Backstage Pass to North Dakota History

This blog takes you behind the scenes of the State Historical Society of North Dakota. Get a glimpse at a day-in-the-life of the staff, volunteers, and partners who make it all possible. Discover what it takes to preserve North Dakota's natural and cultural history.

Mystery Monsters

What’s better than a 23-foot long mosasaur? A 40-foot long mosasaur! If you’ve walked through Underwater World in the Adaptation Gallery: Geologic Time, I’m sure you’ve looked up to see the giant swimming reptile called Plioplatecarpus. If you haven’t, you’re missing out. Imagine a monstrous komodo dragon with flippers, prowling the oceans as Tyrannosaurus stalked the land. The hanging Plioplatecarpus, a type of mosasaur, measures approximately 23 feet, nose to tail. That’s an impressively sized beastie. We’re currently working on another mosasaur in the lab – this one is most likely double the size of the one on display. Also found in the northeastern corner of the state, the monster mosasaur downstairs will take a long time to prepare (clean and restore). There are teeth, a few ribs, a bunch of thoracic and lumbar vertebrae – but not a lot of skull or flipper bones. They might still be hiding away in the unprepared jackets (how we transport them from field to the lab), but what we do have is of an impressive scale. Sadly, so are the concretions surrounding the bones – hence why it will take so long to prepare the fossils. To give you an example: one average-sized vertebra from the white mosasaur in the Underwater World seafloor (under the Archelon turtle) took maybe a couple of hours to prepare. One average-sized vertebra from our monster mosasaur can take up to 12 hours for one bone! Ufda.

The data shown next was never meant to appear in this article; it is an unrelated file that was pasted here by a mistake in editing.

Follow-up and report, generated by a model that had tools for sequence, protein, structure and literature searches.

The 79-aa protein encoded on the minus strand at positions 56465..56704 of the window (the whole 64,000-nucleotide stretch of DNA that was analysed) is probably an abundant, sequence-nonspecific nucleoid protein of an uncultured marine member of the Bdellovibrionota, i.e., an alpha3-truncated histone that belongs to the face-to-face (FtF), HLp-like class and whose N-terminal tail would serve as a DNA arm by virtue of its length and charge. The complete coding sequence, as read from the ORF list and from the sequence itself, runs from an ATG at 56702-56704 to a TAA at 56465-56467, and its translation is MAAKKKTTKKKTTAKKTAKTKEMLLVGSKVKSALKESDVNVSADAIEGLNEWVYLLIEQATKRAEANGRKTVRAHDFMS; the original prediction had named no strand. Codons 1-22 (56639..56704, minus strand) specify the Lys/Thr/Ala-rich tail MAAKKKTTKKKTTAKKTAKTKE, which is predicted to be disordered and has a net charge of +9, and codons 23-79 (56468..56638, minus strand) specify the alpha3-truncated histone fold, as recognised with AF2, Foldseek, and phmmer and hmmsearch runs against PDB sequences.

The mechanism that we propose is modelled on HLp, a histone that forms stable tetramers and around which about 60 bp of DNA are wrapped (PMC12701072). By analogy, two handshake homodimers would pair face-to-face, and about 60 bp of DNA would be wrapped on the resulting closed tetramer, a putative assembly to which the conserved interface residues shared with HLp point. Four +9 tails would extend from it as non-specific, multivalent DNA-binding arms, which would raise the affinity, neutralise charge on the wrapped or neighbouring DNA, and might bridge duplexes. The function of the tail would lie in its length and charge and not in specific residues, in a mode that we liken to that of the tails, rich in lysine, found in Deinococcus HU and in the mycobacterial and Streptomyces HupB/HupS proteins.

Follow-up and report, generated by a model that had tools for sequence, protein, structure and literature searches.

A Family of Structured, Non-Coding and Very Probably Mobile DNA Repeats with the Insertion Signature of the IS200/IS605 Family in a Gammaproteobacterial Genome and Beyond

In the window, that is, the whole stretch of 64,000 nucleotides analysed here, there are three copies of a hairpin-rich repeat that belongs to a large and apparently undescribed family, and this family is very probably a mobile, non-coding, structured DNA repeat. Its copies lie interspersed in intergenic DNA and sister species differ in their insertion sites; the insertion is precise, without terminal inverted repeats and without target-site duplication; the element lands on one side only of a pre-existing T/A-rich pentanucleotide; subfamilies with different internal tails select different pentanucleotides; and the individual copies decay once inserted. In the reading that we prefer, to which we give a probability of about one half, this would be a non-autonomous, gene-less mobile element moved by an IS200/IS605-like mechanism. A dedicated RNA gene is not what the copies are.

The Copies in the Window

Vertebra comparison

Left, vertebra from Plioplatecarpus. Right, vertebra from our unknown mosasaur.

Tooth comparison

Left: Tooth and root from the mystery monster.
Right: Tooth and root from Plioplatecarpus.

Fossils may be rock, but the work is delicate. The loose shale that covers everything needs to be scraped off so we can see what we’re dealing with. Airscribes (mini hand-held air-powered jackhammers) are used under magnification. The concretions are tightly adhered to the surface of the bone, but it takes a light touch to remove them. Push too hard with the airscribe, and you drill right into the bone itself. Afterwards the bone is taken to the microblaster (sounds fun, right?), which is like a sand-blaster, but shoots baking soda. When used properly, this can remove the little bits of dust and debris that remain. Used improperly, and you can blast holes in the bone. Thus, the number one rule in the lab is Patience.

I’m sure you’ve noticed the color differences between the bones above – and below you’ll see an even more drastic color change. This is due to the types of minerals that were around when the bones fossilized Our mystery mosasaur is rich in iron – so it’s a rusty, chocolate brown (and really heavy). The Plioplatecarpus is also iron rich, but also contains sulfur, which is why you can see yellow bits (and it smells like rotten eggs when you work on them). Below are bones from yet another mystery mosasaur from the Pembina region – this one is white and flakey (and super soft) from high concentrations of gypsum.

Vertebra and flipper bones of mosasaur

Vertebra and flipper bones from the Pembina area, on display in the Underwater World sea floor.

Working with Manuscript Collections